These 7 gifts are perfect for nature lovers

Give back to nature by helping restore forests, oceans and wildlife. Your contribution will boomerang back in countless ways, curbing climate change, teaching kids about the outdoors, feeding endangered monarch butterflies, making space for whales and even helping tree farmers. All you’ll get is that lousy T-shirt. (But this year, they’re actually pretty cool.)

Teenager finds a solution to massive food waste by ‘brats who won’t eat that apple’

A student in Omaha, Neb., has identified a problem with school lunches — as well as a solution that could help solve an entrenched food waste issue in school cafeterias across the country.

In order to get the best price for a school lunch, kids are required to take one serving of a fruit or a vegetable to create a full meal. If they don’t, they can end up paying higher ala carte prices.

Kids to Crayola: Help us recycle plastic markers!

Elementary school kids in San Rafael, Calif., are asking Crayola to initiate a recycling program for the millions of markers the company produces every year.
The children, who participate in a green group called Kids That Care, decided to petition Crayola through after realizing that many plastic products, including spent markers, wind up in landfills, said the group’s advisor Land Wilson.

Urban Roots, a film about food and Detroit + a project for schools

In a bygone American era, Detroit shone proudly as a center of industry, home to the Model T and other symbols of American progress. The decline of the car industry in recent decades, though, has cut the city’s population in half and left poor neighborhoods in even more derelict condition. Detroit is now home to thousands of acres of vacant land, most of it unmaintained, left to collect weeds and waste. The result? Many of the city’s residents live in what is termed a
“food desert.”

Redondo Beach SEA Lab enhances nature exhibit with new technology

Los Angeles-area school kids who visit the Redondo Beach SEA Lab this year will get an extra lesson in the dangers of pollution, courtesy of environmental groups that have partnered to create a new exhibit about DDT and PCBs.

The exhibit, set up at a kiosk, will boost nature education with the latest technology, allowing kids to see and experience wildlife in 3D “Augmented Reality”. This new streaming video/3-D technology, supplied by the company Total Immersion, will make the eaglets once imperiled by DDT appear to be live and in front of the viewers, who can “hold” them.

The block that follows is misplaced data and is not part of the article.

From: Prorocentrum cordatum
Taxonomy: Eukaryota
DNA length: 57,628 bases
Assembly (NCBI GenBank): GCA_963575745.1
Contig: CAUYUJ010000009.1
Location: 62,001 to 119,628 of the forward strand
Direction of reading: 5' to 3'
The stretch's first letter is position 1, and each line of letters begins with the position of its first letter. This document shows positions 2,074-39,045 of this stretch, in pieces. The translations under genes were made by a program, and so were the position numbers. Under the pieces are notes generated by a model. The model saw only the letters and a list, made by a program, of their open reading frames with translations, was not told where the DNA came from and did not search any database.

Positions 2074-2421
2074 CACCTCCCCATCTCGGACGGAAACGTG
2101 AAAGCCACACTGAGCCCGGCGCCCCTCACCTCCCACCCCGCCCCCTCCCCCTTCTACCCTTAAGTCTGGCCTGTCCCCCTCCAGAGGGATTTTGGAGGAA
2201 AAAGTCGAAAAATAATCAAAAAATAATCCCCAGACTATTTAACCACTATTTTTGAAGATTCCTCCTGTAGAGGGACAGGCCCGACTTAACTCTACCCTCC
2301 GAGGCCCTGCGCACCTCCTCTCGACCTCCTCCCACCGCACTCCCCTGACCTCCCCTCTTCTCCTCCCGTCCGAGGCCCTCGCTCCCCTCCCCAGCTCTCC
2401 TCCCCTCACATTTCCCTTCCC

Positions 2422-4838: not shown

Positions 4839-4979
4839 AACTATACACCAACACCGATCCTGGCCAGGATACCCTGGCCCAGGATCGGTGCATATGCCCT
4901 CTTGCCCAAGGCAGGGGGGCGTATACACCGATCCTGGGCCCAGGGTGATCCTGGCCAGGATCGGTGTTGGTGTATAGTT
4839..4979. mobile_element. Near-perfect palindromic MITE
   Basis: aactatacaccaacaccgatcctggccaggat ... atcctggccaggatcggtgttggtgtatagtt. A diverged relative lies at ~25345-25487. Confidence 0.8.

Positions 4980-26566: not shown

Mother Nature can teach the children well

Kayaking with the LEAF program (Photo: The Nature Conservancy)

The kids are heading back to the classroom – if they aren’t already there sitting in rows in front of a blackboard – and parents are plotting how to give their children an academic advantage. Some are buying DVDs, books or computer programs. Some are paying for tutors or study skill seminars. All well and good. But if you want you kids to be smarter, some experts say, push them out the backdoor to play in the dirt, hunt for bugs and pollywogs, and explore the nearby park.

Pennies for the Planet kicks off 2009 program

By Barbara Kessler
Green Right Now

Audubon has announced that its ongoing Pennies for the Planet project will support three specific conservation efforts in 2009.

The projects are:

  • Project Puffin and the Seabird Restoration Program off the Maine coast. The Puffins have been restored to the island after once being driven off by hunters, but they must be protected as scientists learn more about how to save seabirds.
  • Four Holes Swamp, an ancient swamp that supports otters, owls and rare plants in South Carolina as well as cypress trees that are hundreds of years old. Alligators and rare bats live in this soggy setting. Parts of the swamp are protected, but more land could be preserved.
  • Wyoming’s “sagebrush sea,” an endangered habitat for pygmy rabbits, sage-grouse and pronghorns. Scientists are working to reclaim some of this area, to help save the native species, like the pronghorns, from being pushed aside by development and agriculture.

No Child Left Inside Gaining Momentum

kidsatpark.jpgBy Kelly Rondeau

You’ve heard of No Child Left Behind. Now comes a new program with serious educational goals, but a different approach: No Child Left Inside proposes to re-invigorate environmental education by tapping into kids’ innate curiosity about nature. And communities across America are embracing the fresh, bottom-up concept by holding No Child Left Inside events.